KERALA1 Sat 07-Oct-17 10:03:24

Major factor in choosing our house

munchkinmaster Sat 07-Oct-17 10:03:40

We live in one such bubble. The extra on our mortgage in interest would pay for one to go private for secondary.

It's a vicious cycle though. The other state schools round here are terrible so anyone with any financial means and drive for their kids scrapes the money together and buys a smaller house in the bubble

You see a lot of people selling up when youngest child is in first year secondary.

Floralnomad Sat 07-Oct-17 10:03:53

This is not unusual it happens all over the place ,assuming the school doesn't have an entrance exam they still take their fair share of children with lower ability , justbprobably not many on pupil premium .

RainyApril Sat 07-Oct-17 10:05:27

The only thing surprising about your post is that you seem to think you've spotted something unique.

All over the uk, houses in good school catchments fetch a premium.

It's wrong that the wealthy are able to monopolise good schools by buying expensive houses, but I'm not sure what you could do about it.

NC4now Sat 07-Oct-17 10:06:47

I'd always consider the schools available when deciding where to live.

purplecollar Sat 07-Oct-17 10:07:10

It's been happening since I was a dc in the 1970s. It's one of the reasons I quite like that our secondary school is now so huge it's catchment can extend to 4 miles some years. It ensures that most are able to go there, regardless of which side of town they live.
This seems to eliminate those tiny select areas. But unfortunately the primary schools still have the same problem.

WhichNewWoof Sat 07-Oct-17 10:07:46

House prices near good private schools go up even more if it makes you feel any better! Houses in a desirable location will always command a premium. Children from well off parents will always have more support etc. This is why we at least have pupil premium. What would you do? Place children in schools by their parents income and have people criss-crossing the city each morning?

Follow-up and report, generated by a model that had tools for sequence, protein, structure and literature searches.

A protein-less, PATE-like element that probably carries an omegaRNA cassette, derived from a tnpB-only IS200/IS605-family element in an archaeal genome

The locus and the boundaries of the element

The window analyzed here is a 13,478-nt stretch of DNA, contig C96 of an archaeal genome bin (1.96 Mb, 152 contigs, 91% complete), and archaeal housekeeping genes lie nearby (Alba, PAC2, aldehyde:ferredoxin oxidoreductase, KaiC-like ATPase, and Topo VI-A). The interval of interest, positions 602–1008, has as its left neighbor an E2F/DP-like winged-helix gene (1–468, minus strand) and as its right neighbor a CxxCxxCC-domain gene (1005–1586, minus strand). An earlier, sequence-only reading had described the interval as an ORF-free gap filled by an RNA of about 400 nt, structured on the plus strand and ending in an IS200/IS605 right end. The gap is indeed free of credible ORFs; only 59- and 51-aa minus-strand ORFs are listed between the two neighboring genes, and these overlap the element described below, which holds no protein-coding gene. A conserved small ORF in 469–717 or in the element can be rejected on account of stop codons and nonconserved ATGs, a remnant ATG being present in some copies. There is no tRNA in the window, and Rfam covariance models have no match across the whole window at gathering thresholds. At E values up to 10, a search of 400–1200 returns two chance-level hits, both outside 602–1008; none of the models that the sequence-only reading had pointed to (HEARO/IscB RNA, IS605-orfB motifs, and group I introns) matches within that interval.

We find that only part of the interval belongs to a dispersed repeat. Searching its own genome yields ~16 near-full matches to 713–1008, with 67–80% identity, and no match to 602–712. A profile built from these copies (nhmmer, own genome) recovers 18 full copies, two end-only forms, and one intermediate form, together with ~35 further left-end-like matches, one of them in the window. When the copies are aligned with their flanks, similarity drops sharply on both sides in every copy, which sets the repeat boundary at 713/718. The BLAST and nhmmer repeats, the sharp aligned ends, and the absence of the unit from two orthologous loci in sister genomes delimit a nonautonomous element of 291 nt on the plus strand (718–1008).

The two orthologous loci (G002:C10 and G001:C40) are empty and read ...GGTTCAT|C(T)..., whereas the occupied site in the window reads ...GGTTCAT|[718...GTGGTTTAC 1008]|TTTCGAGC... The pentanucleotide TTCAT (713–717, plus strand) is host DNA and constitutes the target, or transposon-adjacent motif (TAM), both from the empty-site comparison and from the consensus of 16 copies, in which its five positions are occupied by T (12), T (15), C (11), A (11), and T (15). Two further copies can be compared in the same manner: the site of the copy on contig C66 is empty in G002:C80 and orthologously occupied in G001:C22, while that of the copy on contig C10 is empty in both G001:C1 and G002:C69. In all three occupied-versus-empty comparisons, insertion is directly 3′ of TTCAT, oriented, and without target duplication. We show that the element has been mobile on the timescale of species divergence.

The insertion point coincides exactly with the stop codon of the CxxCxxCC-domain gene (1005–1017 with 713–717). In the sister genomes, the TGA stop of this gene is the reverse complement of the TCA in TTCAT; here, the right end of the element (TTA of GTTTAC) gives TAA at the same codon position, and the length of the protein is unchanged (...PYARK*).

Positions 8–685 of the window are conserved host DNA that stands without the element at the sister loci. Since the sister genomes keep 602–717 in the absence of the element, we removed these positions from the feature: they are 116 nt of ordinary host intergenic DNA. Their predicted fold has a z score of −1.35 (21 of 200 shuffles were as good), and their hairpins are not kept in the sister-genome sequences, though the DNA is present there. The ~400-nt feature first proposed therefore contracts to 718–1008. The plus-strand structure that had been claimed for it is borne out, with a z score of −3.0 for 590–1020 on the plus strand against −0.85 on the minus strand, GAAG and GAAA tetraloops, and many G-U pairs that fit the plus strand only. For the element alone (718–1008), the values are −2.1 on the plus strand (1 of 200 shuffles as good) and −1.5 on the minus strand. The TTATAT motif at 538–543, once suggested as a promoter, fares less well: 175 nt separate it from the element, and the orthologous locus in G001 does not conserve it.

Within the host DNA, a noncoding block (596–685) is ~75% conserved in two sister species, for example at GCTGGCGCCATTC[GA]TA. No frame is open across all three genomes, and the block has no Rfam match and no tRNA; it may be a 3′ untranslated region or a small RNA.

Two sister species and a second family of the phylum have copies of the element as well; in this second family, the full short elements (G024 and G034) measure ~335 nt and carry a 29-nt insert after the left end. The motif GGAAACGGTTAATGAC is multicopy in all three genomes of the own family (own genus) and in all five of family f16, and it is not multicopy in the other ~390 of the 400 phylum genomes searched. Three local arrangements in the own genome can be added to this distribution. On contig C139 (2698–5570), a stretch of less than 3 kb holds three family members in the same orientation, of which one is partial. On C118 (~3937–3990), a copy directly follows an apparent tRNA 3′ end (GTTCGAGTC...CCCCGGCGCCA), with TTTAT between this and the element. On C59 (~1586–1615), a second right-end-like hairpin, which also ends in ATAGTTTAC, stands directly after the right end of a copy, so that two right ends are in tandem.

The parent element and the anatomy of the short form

bearstrikesback Sat 07-Oct-17 10:08:11

Is it Cranbrook? They have recently been forced to change their main intake to 11 rather than 13 to stop the prep school bias. I suspect the catchment area will go next.

Personally, I have never understood the attraction as compared to NI state grammars, Cranbrook is very average.

namechangedtoday15 Sat 07-Oct-17 10:14:16

Agree that its true all over the country. Houses prices here can vary by £100k or more for similar standard 3 bed semis just because they're half a mile apart, one in catchment of good schools, one not.

But its been the same for at least one generation - my parents definitely considered schools when they decided where to live in the early 1970s. Complaining about this phenomenon now, as if its a new issue is odd.

Taxminion Sat 07-Oct-17 10:16:06

It can be tackled if there is the will to do so. In our area a primary school's catchment went down to 100m. People rented or bought in the catchment and legitimately secured places. A number of these places became freed up when kids left for prep schools later on.

This has now changed to a wider catchment area where places are decided by lot (there is a sibling policy). Still a mostly posh area but slightly more diverse.

The Head also says that the school will not provide references for those who leave for private schools half way through. It took about 20 years of complaints, lobbying and numerous appeals before the LEA/School Governors budged though.

QuiteLikely5 Sat 07-Oct-17 10:18:15

no need to patronise the op just because she's had a realisation either!

Witchend Sat 07-Oct-17 10:19:18

It's not the school that advertises the houses with catchment areas to bring the richer people into their catchment.
It's the estate agents advertising something about their houses that brings the prices up.

If people could get a better school and pay less they'd do it.

DingDongDenny Sat 07-Oct-17 10:19:44

What happens if the school starts failing - maybe due to change of Head or other factors - do people end up in negative equity.

Does anyone know of this happening?

Teddygirlonce Sat 07-Oct-17 10:20:21

This is why I'm in favour of a lottery system for secondary schools.

It really disadvantages the families who aren't well-off and can't afford to play the game. Mind you, that's life, in terms of paying for tutors, exam remarks etc..

Floralnomad Sat 07-Oct-17 10:20:43

Personally, I have never understood the attraction as compared to NI state grammars, Cranbrook is very average
How on earth does the grammars being good in NI help people who need to live in / near cranbrook , that's one hell of a commute .